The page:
This post is by Anton Buchner, a senior consultant with TrinityP3. Anton is one of Australia’s leaders in data-driven marketing. Helping navigate through the bells, whistles and hype to identify genuine marketing value when it comes to technology, digital activity, and the resulting data footprint.
“OMG, then we shouldn’t be using data anymore?” I hear you ask.
Well, maybe the chase for data-driven utopia may be purely a misleading cul-de-sac where continual car crashes occur.
Maybe you don’t need to be a one-to-one organisation in terms of actually understanding consumers completely with data.
Because at most touch-points you don’t actually have the data to predict their action (as it’s irrational). Or you have disconnected systems which means the right data isn’t being connected within your technologies to realise the opportunity and create an amazingly tailored experience.
“Heresy”, I hear you shout
Well, consider your business system, digital ecosystem, and data flows.
Not what management believes them to be. Not what your teams identify as the delivery process. But what they actually deliver in terms of an experience when a consumer decides to act.
Instead of delivering amazing, one-to-one experiences at the right time (which is in theory what you have been striving to create for many years now), you may be upsetting and disappointing consumers. Resulting in tension, frustration and negative brand advocacy.
The solution: be careful what you mean by customer-centricity
I recently attended the Building Customer-Centric Cultures Event. Put on by StepChange in Sydney, where two panels of leaders explored how businesses can build a customer-centric culture.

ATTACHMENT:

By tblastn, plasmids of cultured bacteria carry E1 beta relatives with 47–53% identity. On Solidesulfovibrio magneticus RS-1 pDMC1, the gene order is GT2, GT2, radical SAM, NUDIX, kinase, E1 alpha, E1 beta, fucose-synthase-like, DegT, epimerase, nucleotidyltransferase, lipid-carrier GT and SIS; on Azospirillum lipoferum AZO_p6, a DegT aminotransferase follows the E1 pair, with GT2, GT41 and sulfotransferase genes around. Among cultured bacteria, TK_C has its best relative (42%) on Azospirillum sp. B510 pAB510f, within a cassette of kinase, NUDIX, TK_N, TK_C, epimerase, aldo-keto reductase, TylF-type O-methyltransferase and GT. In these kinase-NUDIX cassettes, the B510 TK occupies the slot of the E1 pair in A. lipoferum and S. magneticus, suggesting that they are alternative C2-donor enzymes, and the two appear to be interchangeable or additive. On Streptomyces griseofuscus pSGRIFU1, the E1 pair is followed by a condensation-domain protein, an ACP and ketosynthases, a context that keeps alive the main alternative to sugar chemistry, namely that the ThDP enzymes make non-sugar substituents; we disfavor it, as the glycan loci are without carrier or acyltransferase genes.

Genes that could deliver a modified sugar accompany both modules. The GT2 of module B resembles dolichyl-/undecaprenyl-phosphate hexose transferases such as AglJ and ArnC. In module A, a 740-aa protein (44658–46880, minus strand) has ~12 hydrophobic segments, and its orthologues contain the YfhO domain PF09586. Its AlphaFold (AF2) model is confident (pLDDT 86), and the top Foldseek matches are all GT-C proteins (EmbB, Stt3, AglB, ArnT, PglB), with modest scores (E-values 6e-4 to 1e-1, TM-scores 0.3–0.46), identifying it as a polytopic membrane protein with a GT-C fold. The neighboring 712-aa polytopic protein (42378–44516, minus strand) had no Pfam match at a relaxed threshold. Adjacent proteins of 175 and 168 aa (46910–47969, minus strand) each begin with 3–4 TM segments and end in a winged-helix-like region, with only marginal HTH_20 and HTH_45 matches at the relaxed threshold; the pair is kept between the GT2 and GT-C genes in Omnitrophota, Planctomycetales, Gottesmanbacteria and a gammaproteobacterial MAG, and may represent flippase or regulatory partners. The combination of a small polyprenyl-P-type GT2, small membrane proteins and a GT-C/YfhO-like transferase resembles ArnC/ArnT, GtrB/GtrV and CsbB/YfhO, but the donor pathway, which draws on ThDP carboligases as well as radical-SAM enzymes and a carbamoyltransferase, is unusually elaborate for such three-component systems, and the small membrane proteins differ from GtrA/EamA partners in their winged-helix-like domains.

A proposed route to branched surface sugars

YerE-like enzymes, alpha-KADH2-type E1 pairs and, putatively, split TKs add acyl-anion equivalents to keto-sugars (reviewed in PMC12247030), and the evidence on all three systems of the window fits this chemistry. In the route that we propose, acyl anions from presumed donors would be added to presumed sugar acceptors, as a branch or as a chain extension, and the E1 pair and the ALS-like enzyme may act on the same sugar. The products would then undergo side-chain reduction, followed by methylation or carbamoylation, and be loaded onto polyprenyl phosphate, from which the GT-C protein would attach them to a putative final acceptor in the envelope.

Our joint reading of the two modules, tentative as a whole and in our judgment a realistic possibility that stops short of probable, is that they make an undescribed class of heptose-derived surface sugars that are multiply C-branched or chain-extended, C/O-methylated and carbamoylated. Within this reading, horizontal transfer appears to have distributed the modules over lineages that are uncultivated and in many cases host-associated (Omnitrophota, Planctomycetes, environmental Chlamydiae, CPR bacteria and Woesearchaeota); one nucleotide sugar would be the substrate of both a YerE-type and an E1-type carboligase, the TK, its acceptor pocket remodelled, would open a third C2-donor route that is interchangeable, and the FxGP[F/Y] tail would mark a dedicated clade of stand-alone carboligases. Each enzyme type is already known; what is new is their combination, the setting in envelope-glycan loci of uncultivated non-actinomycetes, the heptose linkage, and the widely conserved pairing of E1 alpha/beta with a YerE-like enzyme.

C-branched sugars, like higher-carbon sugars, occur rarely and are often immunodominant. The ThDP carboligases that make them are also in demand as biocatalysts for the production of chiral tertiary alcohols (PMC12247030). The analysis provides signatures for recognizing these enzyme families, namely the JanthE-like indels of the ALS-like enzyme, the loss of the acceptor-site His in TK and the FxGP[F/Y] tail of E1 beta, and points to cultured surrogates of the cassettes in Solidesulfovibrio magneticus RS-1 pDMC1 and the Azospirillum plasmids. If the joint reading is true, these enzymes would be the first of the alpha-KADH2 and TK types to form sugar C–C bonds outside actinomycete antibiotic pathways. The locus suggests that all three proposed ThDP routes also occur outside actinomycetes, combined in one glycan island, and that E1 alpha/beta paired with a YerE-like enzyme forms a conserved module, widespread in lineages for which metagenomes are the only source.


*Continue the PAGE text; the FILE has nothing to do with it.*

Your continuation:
They revealed powerful insights into customer-centric cultures and processes, at a time when Australian Royal Commissions into Financial Services and Aged Care Quality and Safety have called for a cultural revolution and for specific sectors to act in the “best interests of customers”.
The panel included:
- Cambell Holt, Chief Customer Officer at Mercer Financial
- David Smith, FormerCEO of Zurich
- Bettina Pidcock, Chief Customer Officer at QBE Australia and New Zealand
- Brittany Wong, Head of Demand Generation at SafetyCulture
- Tim Burrowes Founder & Content Director Mumbrella
- Benjamin Galea Group Marketing Manager at BaptistCare
- Christopher Zinn, Founder, The Determined Consumer
And one of the fundamental points that emerged, was around the definition of what customer-centricity actually is.
The speakers agreed that in today’s tech world it actually means getting the basics right in a fundamental way:
- Thinking about business from your consumer’s perspective, but not always building it around what the customer is demanding (as this may be unprofitable)
- Delivering on the basics within a consumer’s standard journey
- And if possible, (and they emphasised if), deliver above expectations where appropriate, and where possible
But they generally agreed, that it doesn’t mean you have to chase 100% of a customer’s data profile. Nor get blind-sided by focussing on the latest and greatest technology.